based on your writing capability and writing style. In this class, you will also be given the opportunity to submit your own
papers to Turnitin to check that all sources you have used are properly acknowledged and cited. Note that all submitted
papers will be included as source documents in the reference database, solely for the purpose of detecting
plagiarism of such papers.
Disability-Related Accommodations
If you believe that you need accommodations for a disability, please contact the Office of Disability Services(ODS),, located in Room 309 of 804 University Avenue, or call (315) 443-4498 for an appointment
to discuss your needs and the process for requesting accommodations. ODS is responsible for coordinating disabilityrelated accommodations and will issue students with documented Disabilities Accommodation Authorization Letters, as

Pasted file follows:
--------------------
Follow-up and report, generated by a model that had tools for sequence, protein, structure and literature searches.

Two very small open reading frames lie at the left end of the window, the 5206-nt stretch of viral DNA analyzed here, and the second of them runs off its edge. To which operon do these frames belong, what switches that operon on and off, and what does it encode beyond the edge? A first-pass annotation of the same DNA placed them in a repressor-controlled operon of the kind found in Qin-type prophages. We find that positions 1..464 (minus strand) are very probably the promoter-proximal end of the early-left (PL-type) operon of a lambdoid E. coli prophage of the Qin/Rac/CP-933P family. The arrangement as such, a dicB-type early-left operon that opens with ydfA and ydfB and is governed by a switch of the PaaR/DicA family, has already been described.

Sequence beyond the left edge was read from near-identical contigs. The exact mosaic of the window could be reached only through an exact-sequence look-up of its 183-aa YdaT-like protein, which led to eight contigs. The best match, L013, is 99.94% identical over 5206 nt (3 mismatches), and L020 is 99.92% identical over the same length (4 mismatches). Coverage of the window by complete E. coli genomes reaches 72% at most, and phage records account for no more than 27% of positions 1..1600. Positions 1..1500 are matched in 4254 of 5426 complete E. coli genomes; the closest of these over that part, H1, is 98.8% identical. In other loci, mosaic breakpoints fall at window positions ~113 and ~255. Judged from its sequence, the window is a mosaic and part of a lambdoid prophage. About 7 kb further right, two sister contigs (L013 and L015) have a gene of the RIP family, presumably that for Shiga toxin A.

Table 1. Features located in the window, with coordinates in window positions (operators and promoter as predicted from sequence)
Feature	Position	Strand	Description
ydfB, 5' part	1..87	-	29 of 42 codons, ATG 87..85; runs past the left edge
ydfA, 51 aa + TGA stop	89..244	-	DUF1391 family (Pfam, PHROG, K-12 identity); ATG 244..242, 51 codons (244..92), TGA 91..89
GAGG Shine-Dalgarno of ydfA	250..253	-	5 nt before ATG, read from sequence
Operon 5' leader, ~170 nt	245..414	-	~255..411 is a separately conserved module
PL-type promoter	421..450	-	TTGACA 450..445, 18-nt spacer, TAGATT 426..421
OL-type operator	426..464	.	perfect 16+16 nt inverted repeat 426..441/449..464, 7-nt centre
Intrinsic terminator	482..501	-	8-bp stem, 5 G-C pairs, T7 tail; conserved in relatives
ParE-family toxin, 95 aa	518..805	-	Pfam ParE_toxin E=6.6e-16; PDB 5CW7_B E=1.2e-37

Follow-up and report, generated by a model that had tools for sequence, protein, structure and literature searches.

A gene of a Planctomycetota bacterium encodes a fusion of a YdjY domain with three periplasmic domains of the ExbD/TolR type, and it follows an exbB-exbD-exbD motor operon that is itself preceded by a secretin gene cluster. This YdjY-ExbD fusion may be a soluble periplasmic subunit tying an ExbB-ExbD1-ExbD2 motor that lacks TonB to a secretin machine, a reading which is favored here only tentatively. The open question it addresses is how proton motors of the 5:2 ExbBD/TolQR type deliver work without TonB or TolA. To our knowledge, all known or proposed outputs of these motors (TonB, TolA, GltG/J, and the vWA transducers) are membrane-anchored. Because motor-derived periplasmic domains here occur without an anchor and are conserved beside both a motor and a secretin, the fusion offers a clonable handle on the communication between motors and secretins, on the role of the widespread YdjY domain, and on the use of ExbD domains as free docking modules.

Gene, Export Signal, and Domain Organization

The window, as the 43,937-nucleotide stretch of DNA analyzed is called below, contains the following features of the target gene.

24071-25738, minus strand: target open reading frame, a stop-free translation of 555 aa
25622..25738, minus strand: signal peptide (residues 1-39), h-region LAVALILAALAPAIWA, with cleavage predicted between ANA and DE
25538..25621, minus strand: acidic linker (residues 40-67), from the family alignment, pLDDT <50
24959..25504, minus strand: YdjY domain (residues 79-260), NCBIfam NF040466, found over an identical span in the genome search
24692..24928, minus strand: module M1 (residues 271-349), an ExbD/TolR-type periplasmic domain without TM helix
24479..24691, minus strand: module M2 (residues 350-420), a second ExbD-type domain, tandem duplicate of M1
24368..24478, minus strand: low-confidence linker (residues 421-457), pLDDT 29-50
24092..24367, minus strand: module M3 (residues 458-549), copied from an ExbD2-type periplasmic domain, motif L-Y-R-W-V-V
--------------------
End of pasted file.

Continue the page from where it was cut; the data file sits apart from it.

appropriate. Since accommodations may require early planning and generally are not provided retroactively, please
contact ODS as soon as possible.
Religious Observances Policy
SU religious observances policy, found at, recognizes the
diversity of faiths represented among the campus community and protects the rights of students, faculty, and staff to
observe religious holidays according to their tradition. Under the policy, students are provided an opportunity to make up
any examination, study, or work requirements that may be missed due to are religious observance provided they notify
their instructors before the end of the second week of classes. For fall and spring semesters, an online notification
process is available through MySlice/StudentServices/Enrollment/MyReligiousObservances from the first day of class until
the end of the second week of class.